Council Democrats release budget proposal; imagine a pedestrian walkway between Findlay Market and Washington Park; Alms Apartments fails HUD inspection

Hey Cincy. Here’s your news this morning.

The battle over the city budget continues. Council’s five Democrats yesterday afternoon released their own suggestions for the city’s fiscal year 2016-2017 spending plan, and they’ve made some key changes. Their operating budget proposal would increase human services funding by $1.5 million, bringing it up to the level council unanimously requested back in November, according to a news release sent out yesterday.

The proposal also restores money to streetcar operating funds and programs that help start-up companies, provides a $275,000 boost to the Cincinnati Health Department, $250,000 to Cradle Cincinnati and money to a number of other programs in the operating budget. Democrats’ proposal for the capital improvement budget would provide a $400,000 grant to the Clifton Market, $200,000 each for the Shakespeare and Ensemble Theaters, $1 million for parks and $150,000 for bike projects. The proposal pays for these boosts by eliminating a pay raise for high-level city employees and instituting a one-month hiring freeze for some positions, cutting funding for financial literacy and Cincinnati Business Committee studies, pulling $100,000 from the city’s contingency fund and by moving around money for the city’s share of the 4th and Race garage project, among other changes. Mayor John Cranley is currently reviewing the budget. If no other council members vote for the changes, Cranley has the power to veto the proposals, which would put him on the opposite side of his fellow Democrats again. Council is expected to pass the budget by June 17 so it can go into effect July 1.

• So this is a interesting idea. Findlay Market is working with the University of Cincinnati on a concept that would link the market with Washington Park via a more walker-friendly pathway. The groups held a party in the neighborhood last week to gather input from Over-the-Rhine residents about what they’d like on the path, and feedback included improved lighting, places to sit and hang out, food trucks or more permanent places for vendors and other ideas. A big priority: Make it easier to cross Liberty Street, which runs between the park and market. The proposed pathway would most likely run down Pleasant Street, which currently sees little automotive traffic. The pedestrian walkway could mean that street would be closed to cars, at least during certain hours. UC’s Research Institute and Metro Lab are involved in the process, with the latter devoting a number of graduate students to design and execute some of the suggestions. Right now, the bigger path is just an idea, but another input-gathering party is planned for June 26.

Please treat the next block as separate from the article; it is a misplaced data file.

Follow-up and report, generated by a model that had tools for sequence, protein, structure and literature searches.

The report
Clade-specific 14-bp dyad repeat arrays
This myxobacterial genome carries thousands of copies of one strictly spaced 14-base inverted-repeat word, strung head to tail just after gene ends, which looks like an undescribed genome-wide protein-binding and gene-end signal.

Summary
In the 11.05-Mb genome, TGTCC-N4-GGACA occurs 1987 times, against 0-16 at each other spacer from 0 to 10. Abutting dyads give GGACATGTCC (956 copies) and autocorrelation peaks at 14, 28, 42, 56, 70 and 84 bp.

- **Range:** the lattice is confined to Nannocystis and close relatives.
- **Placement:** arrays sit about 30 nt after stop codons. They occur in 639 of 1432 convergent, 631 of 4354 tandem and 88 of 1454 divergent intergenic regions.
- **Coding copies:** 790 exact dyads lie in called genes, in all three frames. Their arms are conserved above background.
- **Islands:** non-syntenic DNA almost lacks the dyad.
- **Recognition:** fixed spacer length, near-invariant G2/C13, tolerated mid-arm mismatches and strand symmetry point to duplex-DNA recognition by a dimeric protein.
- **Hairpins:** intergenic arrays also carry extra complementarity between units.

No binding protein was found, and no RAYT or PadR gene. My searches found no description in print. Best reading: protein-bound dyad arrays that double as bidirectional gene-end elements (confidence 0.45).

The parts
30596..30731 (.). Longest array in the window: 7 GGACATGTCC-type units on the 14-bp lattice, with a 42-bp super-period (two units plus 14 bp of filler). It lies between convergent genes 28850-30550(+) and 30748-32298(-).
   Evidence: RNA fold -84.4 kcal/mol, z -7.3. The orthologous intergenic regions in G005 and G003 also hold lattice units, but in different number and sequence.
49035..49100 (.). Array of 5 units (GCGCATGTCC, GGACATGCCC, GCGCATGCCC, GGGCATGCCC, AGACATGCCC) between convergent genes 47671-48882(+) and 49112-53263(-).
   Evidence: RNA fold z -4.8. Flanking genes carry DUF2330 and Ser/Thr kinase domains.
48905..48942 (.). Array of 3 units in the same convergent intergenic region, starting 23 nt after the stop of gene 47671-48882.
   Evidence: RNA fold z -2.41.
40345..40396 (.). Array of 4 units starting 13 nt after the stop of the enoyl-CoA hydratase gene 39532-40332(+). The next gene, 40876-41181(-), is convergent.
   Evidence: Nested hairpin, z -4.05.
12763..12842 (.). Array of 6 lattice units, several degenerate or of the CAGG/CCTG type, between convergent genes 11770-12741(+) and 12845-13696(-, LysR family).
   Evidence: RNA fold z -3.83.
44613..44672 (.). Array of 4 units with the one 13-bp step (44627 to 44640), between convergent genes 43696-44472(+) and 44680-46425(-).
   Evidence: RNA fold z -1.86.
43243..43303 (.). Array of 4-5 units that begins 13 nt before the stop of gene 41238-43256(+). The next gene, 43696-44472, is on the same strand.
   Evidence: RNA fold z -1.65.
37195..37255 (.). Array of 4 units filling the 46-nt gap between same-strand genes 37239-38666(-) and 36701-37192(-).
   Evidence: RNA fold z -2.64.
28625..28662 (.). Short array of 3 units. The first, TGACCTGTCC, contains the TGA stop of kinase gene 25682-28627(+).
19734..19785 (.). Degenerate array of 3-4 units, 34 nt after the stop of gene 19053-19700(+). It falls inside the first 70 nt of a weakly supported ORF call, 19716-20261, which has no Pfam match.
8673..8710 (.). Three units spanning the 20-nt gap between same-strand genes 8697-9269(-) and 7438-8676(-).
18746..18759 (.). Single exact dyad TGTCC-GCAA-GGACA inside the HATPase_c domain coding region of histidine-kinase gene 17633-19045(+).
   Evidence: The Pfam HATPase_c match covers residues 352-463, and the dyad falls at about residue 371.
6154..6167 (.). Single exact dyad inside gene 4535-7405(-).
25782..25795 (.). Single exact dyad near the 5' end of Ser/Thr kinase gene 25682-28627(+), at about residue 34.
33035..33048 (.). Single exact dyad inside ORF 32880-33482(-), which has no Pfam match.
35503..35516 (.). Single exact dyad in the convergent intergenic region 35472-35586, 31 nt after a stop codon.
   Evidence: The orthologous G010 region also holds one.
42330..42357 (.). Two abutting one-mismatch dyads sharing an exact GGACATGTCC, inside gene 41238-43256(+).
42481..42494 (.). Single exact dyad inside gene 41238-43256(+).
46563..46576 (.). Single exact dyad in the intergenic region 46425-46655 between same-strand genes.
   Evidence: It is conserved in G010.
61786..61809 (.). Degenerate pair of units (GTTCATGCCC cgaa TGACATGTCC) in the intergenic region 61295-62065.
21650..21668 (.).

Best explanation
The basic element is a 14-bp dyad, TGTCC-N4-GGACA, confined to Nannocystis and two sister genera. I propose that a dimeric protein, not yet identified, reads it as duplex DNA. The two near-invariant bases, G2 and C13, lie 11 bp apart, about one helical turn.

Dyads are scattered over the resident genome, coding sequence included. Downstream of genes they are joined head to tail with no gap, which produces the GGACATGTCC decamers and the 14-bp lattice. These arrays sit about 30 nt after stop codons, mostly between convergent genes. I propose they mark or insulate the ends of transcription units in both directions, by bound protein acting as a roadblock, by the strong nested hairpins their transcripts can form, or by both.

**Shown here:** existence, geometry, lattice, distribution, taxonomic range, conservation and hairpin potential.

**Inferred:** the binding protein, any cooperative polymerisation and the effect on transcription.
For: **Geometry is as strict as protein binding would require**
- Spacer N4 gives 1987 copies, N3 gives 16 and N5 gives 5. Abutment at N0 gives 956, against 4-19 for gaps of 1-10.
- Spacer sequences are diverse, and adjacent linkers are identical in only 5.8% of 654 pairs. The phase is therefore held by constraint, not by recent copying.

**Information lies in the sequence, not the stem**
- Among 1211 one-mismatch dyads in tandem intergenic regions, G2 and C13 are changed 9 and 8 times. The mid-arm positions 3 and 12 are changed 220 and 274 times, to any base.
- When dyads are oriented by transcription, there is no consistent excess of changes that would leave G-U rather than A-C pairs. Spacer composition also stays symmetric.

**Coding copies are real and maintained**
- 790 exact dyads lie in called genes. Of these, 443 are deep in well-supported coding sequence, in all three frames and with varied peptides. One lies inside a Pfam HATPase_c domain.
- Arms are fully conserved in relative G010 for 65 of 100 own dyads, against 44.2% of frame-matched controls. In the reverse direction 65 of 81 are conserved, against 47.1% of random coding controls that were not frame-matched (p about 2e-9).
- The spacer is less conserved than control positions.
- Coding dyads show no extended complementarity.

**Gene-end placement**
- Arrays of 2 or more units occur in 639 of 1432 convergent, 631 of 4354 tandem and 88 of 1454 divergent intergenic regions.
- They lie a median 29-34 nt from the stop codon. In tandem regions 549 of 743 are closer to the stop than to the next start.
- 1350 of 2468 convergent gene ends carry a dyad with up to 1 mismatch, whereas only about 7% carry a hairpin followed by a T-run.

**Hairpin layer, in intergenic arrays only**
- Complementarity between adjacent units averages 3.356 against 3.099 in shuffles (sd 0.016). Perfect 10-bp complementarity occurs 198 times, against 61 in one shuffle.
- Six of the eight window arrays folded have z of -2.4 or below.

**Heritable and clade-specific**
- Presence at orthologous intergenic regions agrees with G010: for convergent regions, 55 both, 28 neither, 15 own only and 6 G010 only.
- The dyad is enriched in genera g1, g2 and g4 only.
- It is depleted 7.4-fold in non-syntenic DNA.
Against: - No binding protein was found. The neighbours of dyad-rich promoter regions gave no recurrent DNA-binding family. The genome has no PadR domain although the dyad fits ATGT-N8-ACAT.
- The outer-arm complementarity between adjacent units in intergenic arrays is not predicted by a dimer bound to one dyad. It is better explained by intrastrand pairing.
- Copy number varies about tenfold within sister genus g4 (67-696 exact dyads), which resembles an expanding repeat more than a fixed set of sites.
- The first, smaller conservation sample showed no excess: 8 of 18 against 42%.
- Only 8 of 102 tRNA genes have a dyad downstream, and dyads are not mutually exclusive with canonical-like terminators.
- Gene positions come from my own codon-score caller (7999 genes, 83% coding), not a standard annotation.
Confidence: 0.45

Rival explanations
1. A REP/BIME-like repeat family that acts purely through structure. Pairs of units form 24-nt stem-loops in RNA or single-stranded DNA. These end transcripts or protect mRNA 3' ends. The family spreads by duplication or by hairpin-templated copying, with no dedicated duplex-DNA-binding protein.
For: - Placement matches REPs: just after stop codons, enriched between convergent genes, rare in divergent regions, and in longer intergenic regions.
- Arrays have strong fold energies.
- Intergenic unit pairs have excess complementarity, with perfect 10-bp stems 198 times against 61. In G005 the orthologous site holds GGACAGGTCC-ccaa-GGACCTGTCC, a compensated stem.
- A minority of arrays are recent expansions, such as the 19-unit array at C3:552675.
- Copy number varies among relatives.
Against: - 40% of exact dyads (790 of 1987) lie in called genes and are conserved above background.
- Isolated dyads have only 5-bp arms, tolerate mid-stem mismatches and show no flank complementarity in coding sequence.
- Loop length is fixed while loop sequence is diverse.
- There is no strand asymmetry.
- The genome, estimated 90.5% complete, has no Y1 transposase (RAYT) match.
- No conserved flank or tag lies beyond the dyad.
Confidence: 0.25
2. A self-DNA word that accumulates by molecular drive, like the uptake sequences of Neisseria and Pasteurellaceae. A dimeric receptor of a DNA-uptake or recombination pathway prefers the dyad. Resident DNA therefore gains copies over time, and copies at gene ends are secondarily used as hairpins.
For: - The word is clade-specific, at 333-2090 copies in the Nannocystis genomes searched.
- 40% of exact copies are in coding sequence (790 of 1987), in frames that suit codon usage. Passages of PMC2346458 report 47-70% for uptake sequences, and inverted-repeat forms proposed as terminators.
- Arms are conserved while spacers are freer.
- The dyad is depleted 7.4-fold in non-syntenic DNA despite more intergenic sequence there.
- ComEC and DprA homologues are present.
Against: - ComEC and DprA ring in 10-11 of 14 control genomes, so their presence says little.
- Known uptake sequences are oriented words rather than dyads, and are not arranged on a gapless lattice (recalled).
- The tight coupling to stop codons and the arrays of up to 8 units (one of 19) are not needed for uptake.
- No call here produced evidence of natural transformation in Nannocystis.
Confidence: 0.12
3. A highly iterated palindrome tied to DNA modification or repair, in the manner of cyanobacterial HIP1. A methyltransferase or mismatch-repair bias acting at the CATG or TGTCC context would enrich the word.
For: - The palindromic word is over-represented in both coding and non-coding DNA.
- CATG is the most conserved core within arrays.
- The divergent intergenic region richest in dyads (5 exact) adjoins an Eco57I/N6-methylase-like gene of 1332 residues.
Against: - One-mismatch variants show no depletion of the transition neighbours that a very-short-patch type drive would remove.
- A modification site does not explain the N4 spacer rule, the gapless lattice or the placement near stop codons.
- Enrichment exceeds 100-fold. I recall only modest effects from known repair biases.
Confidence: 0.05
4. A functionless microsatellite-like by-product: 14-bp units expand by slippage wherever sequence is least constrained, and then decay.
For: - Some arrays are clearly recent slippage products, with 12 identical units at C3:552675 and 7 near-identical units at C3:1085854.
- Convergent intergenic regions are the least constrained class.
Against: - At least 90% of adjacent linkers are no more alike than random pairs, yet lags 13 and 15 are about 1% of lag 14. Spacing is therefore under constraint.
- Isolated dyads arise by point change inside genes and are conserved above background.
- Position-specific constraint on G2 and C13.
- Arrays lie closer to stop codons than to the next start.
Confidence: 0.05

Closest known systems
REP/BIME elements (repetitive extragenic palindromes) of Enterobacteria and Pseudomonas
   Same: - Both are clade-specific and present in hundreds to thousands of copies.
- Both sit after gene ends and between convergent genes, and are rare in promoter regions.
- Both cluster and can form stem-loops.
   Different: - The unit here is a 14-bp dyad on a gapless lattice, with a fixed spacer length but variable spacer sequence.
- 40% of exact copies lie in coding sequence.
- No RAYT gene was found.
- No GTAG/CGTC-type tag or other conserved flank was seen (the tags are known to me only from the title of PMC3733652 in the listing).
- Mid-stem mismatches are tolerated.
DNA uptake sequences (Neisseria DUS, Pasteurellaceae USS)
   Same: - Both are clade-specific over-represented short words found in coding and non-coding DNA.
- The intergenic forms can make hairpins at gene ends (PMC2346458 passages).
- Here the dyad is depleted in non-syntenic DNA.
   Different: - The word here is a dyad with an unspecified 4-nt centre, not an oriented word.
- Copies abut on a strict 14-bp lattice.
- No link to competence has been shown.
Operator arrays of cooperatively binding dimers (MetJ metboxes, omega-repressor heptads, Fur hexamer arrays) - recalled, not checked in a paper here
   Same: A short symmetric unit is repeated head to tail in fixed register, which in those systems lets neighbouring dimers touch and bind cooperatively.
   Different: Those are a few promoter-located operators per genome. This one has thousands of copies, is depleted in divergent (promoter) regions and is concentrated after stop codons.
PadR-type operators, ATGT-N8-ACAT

• The Alms Hill apartment building in Walnut Hills, which we told you about in this story a few months back, failed an inspection by the Department of Housing and Urban Development earlier this spring. The building scored 45 out of 100 points on the inspection, which requires 60 points for a passing score. The city is mulling what to do about the building, which houses 200 residents and has fallen into a state of disrepair many say is dangerous. Cincinnati City Councilman Christopher Smitherman, who chairs council’s Law and Public Safety Committee, suggested the city sue HUD, which pays the Alms’ owners subsidized rents for its tenants. The building’s owners have made changes, including replacing most of the management staff there and undertaking some repairs, but city officials say the building is far still far from fit for occupancy. 


• If you see Vice Mayor David Mann or former City Council member Jim Tarbell dangling off the side of a building downtown Friday, don’t worry, they’re supposed to be there. The two and others will be rappelling down the YMCA building on Central Parkway to help raise money for the building’s new construction, which will provide 65 units of affordable housing for seniors. The event, called Over the Edge 4 Elders, is hosted by Episcopal Retirement Homes, which is undertaking the building’s $11.8 million renovation with Cincinnati’s Model Group. The public can register for a VIP party to watch folks rappel, or you can raise $1,000 to rappel down yourself Saturday.

• Because budgets are so, so fun and everyone loves them, let’s talk about the Ohio State Senate’s budget proposal, which it released yesterday. That Republican budget doesn’t include Gov. John Kasich’s proposed 23-percent income tax cut, but it does take a big bite of the state’s income taxes, especially for small businesses, which wouldn’t pay taxes on the first $250,000 in income they bring in. The budget also institutes an across-the-board 6.3 percent income tax cut for individuals. There are few sales tax hikes in the budget proposal, save a tobacco tax hike, which has many anxious to see the details of the plan: Social service advocates, for instance, are worried that proposed income tax cuts will be paid for with cuts to programs that help the poor.